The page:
IVN News

Supreme Court to rule on controversial Arizona immigration law

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In yet another showdown between the Obama Administration and the states, which are already challenging President Obama’s signature health care legislation in the nation’s highest court, the Supreme Court announced Monday that it would also be taking on Arizona’s controversial and tough immigration law, passed in 2010.

Passed amid fierce controversy, the Arizona immigration law made it a state misdemeanor for an alien not to carry required legal documentation, and empowered state police to inquire about a person’s immigration status during police stops if there is reasonable suspicion that the individual is an undocumented immigrant. At the time of its passage, the law was the most stringent and broadest measure taken against illegal immigration in recent American history. Critics charged that it would encourage racial profiling, while civil libertarians opposed the policy on grounds that it was too chillingly similar to Nazi identification laws. Opponents of the bill went so far as to organize boycotts of Arizona and its exports.

Supporters of the Arizona immigration law argued that it specifically prohibits racial profiling within the text of the bill, and believed that the state of Arizona needed to do something to address the problem of illegal immigration because the federal government had failed to undertake comprehensive immigration policy reforms. The Obama Administration did not take well to the state of Arizona (and several states that followed Arizona’s example) stepping on its turf, and challenged the law in court where parts of it were blocked by the Ninth U.S. Circuit Court of Appeals in San Francisco.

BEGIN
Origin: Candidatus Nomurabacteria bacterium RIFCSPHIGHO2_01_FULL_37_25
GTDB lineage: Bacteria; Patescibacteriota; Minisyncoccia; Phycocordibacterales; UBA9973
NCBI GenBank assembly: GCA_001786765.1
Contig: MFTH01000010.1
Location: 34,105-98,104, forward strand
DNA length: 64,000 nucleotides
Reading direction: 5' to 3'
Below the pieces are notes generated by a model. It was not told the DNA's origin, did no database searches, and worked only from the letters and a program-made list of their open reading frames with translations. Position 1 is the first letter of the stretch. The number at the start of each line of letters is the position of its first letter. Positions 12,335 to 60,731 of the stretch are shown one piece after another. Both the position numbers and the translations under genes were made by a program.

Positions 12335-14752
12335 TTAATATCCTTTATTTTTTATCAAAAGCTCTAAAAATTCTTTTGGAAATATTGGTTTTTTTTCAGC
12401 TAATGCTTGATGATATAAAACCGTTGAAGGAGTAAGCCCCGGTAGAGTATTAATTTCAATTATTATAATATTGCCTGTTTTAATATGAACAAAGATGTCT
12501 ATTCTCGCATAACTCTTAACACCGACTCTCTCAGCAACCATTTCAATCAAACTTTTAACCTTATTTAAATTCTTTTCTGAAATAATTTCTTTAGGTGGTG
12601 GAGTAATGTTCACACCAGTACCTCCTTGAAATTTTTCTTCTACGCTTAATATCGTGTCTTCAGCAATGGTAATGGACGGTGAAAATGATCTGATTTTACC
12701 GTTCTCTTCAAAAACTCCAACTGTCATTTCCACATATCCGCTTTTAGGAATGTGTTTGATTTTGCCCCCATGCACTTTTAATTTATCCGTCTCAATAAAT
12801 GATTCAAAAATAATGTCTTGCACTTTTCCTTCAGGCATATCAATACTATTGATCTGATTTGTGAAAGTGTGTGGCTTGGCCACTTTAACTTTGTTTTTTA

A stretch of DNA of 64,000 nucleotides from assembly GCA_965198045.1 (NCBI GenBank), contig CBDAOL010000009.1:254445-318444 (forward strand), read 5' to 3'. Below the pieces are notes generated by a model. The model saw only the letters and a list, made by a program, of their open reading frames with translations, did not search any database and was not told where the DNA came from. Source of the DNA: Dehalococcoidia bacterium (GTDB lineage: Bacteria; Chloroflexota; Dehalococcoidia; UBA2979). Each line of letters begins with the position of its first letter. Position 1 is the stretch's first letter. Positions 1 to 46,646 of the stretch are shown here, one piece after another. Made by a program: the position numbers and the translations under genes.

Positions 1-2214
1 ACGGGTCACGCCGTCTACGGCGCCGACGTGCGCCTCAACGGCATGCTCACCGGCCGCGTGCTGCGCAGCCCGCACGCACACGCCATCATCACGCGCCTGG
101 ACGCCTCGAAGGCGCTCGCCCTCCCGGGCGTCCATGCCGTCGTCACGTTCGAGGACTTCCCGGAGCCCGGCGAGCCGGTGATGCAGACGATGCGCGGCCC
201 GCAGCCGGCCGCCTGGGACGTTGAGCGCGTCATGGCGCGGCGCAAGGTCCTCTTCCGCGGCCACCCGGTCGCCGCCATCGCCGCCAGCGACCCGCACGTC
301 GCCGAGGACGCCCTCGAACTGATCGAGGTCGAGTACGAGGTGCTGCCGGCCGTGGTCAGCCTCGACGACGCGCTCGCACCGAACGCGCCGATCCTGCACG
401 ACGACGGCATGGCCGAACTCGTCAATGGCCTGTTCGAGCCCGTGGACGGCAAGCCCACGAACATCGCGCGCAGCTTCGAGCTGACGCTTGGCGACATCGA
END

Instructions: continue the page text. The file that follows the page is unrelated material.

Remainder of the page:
Although Obama’s lawyers urged the Supreme Court to steer clear of the dispute and reject Arizona’s appeal, the nation’s highest court decided to review the case, which involves not only the civil rights of citizens and non-citizens affected by the bill’s passage, but an arguably much bigger question of the proper role and relation of the federal government to the several states, which is interestingly complicated by the foreign policy aspects of immigration law. Yet, both aspects of the case are relevant to its outcome and must be parsed and considered separately in order to foster clear thinking about the matter.

Because of her work on the issue while serving in the Justice Department, Justice Elena Kagan recused herself from the decision to take on the case, suggesting she is unlikely to take part in the case’s final ruling. She is currently taking criticism from conservatives and even some progressives for not recusing herself from the Affordable Care Act case due to her work as Obama’s solicitor general.